The Mazda6 is not among the top-selling midsize sedans – not even close. The facts are undeniable, but the explanation is harder to fathom. Perhaps the market for midsize sedans has ossified to the point where the style’s remaining aficionados gravitate almost robotically to Toyota, Hyundai-Kia, and of course Ford and Chevrolet. Yet in many respects, the Mazda6 stands among the top performers.

Mazda, a Japanese automaker that builds its cars in Japan, using almost exclusively Japanese components, produces sedans, sport-utility vehicles and the iconic MX-5 Miata roadster for the U.S. market. Our favorite model is the CX-5, a compact SUV. But people who are in the market for a midsize sedan would be remiss in skipping a trip to the Mazda dealership.

The Mazda6 is handicapped by a lack of available all-wheel drive and a name that suggests, but doesn't deliver, V-6 power. In reality, just one engine is available in the Mazda6 – a 2.5-liter, 184-horsepower inline Four. Wedded to a 6-speed manual or automatic transmission, it is rated at 35 mpg on the highway. The Nissan Altima does better (39 highway mpg) with a 179-horsepower Four.

The Mazda6 S, with the standard transmission, appears to be the lowest-priced midsize car. That isn’t the case in models equipped with automatic transmissions, however. Nissan, Hyundai and Kia are priced a little lower.

Mazda’s decision to continue to offer a stick shift in its flagship sedan may seem odd, but it makes sense on two levels. First, it provides an alternative that’s unavailable in competing models. Second, the Mazda6 corners and accelerates well enough to justify an extra dose of driver involvement.

We already knew the Mazda6 was unusually nimble for its class, but a somewhat rushed drive on the back roads of Bethel, Conn., provided a lesson in the car’s capabilities. We drove as fast as we dared, keeping the possibility of prowling police and wandering deer in mind, but the car practically begged us to drive even faster. The automatic is exceptionally responsive, but the 6-speed stick would have doubled the fun.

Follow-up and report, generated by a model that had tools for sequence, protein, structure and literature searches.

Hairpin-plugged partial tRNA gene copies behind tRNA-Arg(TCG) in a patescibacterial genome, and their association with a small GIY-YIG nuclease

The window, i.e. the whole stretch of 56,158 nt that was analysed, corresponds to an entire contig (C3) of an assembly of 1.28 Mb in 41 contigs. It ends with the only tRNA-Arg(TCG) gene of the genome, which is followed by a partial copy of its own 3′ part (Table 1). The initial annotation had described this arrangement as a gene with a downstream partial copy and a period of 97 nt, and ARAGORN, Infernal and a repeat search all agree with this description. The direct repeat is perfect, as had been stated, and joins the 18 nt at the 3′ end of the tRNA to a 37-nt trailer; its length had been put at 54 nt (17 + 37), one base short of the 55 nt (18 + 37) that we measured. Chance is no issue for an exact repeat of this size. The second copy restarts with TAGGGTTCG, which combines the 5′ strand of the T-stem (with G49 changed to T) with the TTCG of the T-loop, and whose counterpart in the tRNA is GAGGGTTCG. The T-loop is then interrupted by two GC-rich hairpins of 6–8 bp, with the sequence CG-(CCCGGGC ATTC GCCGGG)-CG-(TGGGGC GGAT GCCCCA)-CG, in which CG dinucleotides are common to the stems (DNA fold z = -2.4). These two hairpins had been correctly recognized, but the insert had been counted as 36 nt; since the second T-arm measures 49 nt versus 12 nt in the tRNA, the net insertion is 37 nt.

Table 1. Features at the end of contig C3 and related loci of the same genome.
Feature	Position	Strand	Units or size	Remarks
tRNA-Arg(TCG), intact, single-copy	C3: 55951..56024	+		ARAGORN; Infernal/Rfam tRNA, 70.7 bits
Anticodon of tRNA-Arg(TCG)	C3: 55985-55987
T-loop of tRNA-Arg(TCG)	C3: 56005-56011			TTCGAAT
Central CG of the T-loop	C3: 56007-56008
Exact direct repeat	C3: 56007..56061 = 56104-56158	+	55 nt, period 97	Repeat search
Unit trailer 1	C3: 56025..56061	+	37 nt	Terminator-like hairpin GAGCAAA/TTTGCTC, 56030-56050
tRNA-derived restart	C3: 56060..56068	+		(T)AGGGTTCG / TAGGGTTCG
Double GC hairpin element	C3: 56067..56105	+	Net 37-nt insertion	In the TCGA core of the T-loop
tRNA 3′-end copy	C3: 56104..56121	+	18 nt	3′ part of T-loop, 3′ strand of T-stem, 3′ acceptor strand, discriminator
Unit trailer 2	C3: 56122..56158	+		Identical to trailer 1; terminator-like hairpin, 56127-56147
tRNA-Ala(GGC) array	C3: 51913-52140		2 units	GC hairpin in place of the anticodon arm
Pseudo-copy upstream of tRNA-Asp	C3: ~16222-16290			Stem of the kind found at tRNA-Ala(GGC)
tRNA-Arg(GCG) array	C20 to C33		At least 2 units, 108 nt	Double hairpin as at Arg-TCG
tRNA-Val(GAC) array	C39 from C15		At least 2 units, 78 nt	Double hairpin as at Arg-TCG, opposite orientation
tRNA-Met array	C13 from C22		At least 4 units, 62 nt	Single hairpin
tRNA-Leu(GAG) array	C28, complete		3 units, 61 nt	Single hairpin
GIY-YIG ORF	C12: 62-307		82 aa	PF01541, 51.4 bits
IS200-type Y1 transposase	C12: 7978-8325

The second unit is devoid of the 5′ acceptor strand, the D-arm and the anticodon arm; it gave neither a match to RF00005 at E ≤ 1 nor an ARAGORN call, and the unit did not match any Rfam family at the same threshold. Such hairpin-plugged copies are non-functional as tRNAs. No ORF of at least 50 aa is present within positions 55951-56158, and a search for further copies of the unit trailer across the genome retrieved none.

Like BMWs, Mazdas are all about balance, not raw power. While the horsepower numbers seem modest, the Mazda6 feels quick and agile, even if it won’t blow the doors off its more muscular competitors on a straightaway.

A sporty personality isn’t the Mazda6's only asset. The ride is firm but composed, and interior comfort, materials quality and room are of a high order. The conveniently located Commander switch, which operates the radio and other infotainment features, spares the driver from reaching for the console to change the settings.

Safety is another Mazda6 strength. Rated a Top Safety Pick Plus by the Insurance Institute for Highway Safety, it received 5-star ratings in government crash tests. Our high-end Grand Touring model had a blind-spot warning system, rear-view camera, lane-departure warning system and Smart City brake support, which stops the car when the sensors detect a hazard in front. All Mazda6 versions are equipped with rear-view cameras.

Steven Macoy ( is a longtime car enthusiast and full-time editor who lives in Bethel, Conn.

2017 Mazda6 Grand Touring

Price: $34,230

Engine: 2.5-liter inline Four, 184 horsepower, 185 lb.-ft. torque

Transmission: 6-speed shiftable automatic

Drive: front-wheel

Weight: 3,305 lb.

Suspension: MacPherson strut front, multi-link rear

Wheels: 19-in. alloy

Tires: P225/45R19 all-season

Seating capacity: 5

Luggage capacity: 14.8 cu. ft.

Fuel capacity: 16.4 gallons

Fuel economy: 27 mpg city, 35 mpg highway

Fuel type: regular unleaded gasoline